Helping Job Seekers 302

Posted on August 12, 2009


The whole point of this series of articles is that we all know people who are looking for work. Some of us are people looking for work. I wanted to share what you can do for those people besides sending them job notices that you find, and asking “So how’s the job hunt going?”

The best thing you can do for your job seeker friend is listen. Coaches and and “career transition experts” constantly tell job seekers to smile and stay positive. That can create a situation where the job seeker can never tell the truth, never admit her pain or fear, or never vent her frustration. So just listen. Be the safe haven where your friend can honestly open up about what she’s going through.

While you’re listening, be on the alert for negative BS (belief systems). For example, you’re friend my fear that she’s over-qualified for all her positions and that hiring managers fear overqualified candidates will jump ship as soon as the economy improves. If that’s the case, suggest to your friend that smart managers will hire overqualified people and get the most use out of them possible before the economy improves. Smart managers will also hire overqualified people hoping to promote them when the economy improves, after the overqualified candidate has had a chance to see how the job gets done. The best managers can do the job as well as supervise it. Some hiring managers also look at hiring overqualified people as a sort of trial use or sample. They get to test their job description and qualifications against reality, and the candidate gets a chance to prove her value to the company.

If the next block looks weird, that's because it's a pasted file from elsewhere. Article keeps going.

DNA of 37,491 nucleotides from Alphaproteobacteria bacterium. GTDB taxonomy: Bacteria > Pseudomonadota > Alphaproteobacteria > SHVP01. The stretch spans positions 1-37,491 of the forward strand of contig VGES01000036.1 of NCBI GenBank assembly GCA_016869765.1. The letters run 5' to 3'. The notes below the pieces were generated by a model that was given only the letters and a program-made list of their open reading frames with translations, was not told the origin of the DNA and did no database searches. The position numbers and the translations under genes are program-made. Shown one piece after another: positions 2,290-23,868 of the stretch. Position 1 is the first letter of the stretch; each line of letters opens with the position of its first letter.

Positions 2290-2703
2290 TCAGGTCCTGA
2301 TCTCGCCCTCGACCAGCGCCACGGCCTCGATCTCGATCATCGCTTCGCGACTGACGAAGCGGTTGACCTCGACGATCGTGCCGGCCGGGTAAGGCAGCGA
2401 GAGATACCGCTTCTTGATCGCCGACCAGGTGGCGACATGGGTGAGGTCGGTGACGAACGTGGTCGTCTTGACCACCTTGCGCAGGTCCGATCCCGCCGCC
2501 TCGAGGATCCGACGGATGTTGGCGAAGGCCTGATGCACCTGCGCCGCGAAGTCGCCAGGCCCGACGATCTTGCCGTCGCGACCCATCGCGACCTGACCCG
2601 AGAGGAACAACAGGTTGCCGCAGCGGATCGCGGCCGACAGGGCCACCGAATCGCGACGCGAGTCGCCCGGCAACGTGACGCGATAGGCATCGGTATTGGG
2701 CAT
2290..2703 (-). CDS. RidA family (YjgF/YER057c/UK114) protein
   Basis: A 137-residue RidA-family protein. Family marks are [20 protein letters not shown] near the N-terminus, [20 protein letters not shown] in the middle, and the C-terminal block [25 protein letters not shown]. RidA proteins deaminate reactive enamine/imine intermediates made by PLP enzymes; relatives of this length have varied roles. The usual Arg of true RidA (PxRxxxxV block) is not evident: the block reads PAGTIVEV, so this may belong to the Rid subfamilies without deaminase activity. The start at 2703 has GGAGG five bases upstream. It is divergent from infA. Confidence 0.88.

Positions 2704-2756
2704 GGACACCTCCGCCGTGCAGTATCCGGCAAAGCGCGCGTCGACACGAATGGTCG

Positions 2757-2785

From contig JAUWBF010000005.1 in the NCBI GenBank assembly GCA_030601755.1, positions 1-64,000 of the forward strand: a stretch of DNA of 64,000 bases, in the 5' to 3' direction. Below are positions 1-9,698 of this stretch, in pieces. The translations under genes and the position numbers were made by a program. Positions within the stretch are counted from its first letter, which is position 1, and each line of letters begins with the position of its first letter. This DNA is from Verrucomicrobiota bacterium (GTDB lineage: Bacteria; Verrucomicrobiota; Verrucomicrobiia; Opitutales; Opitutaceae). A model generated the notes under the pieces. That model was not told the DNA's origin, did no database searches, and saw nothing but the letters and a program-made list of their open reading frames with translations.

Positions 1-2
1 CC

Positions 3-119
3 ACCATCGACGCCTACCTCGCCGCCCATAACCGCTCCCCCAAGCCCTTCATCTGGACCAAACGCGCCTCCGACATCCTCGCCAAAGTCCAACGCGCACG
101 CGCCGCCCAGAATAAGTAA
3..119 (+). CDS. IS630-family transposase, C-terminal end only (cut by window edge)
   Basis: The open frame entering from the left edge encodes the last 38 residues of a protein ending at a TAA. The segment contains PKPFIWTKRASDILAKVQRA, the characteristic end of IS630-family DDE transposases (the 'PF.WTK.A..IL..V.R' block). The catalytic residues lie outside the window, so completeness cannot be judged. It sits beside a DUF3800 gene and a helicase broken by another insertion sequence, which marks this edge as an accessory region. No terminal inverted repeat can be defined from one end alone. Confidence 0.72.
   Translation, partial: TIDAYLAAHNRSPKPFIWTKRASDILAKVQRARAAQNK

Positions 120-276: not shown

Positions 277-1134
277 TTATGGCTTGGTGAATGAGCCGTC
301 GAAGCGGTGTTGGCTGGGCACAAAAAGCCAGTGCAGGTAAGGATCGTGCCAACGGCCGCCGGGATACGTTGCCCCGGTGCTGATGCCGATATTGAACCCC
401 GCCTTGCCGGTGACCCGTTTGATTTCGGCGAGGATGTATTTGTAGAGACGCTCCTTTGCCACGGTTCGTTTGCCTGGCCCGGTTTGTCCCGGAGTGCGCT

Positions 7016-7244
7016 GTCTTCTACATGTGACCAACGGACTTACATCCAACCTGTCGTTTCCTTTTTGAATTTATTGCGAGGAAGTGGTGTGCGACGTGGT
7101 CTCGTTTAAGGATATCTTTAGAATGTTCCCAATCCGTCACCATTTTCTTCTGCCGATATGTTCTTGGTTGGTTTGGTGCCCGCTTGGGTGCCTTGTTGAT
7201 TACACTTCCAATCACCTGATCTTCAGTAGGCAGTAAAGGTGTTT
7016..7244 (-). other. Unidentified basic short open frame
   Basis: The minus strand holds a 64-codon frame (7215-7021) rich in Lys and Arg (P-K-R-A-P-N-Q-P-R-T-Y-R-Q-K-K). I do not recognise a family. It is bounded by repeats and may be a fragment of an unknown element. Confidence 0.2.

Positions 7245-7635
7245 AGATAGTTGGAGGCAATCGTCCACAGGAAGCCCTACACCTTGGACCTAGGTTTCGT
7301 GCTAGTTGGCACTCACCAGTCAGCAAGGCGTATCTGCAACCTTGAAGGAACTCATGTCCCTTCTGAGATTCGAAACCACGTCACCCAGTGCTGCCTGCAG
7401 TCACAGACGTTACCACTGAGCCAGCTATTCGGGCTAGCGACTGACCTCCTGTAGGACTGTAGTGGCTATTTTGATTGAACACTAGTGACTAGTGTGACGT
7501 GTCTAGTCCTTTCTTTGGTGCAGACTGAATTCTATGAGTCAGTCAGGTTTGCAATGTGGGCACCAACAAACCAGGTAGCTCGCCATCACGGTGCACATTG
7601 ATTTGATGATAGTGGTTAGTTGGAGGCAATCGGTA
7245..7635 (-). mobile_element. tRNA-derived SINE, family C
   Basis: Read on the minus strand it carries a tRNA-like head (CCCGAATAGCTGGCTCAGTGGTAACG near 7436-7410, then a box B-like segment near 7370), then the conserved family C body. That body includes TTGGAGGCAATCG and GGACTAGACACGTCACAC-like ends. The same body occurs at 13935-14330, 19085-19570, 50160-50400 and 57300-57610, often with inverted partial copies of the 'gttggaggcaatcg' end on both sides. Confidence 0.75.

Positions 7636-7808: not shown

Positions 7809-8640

People are getting hired. People are finding new jobs every day. It can be hard to see that when you’re job hunting, so remind your friends of it. You may even want to suggest they shift their networking/socializing time to people or groups with a more positive outlook. After all, if you want to soar with the eagles, you can’t spend all your time with turkeys.

Posted in: Leadership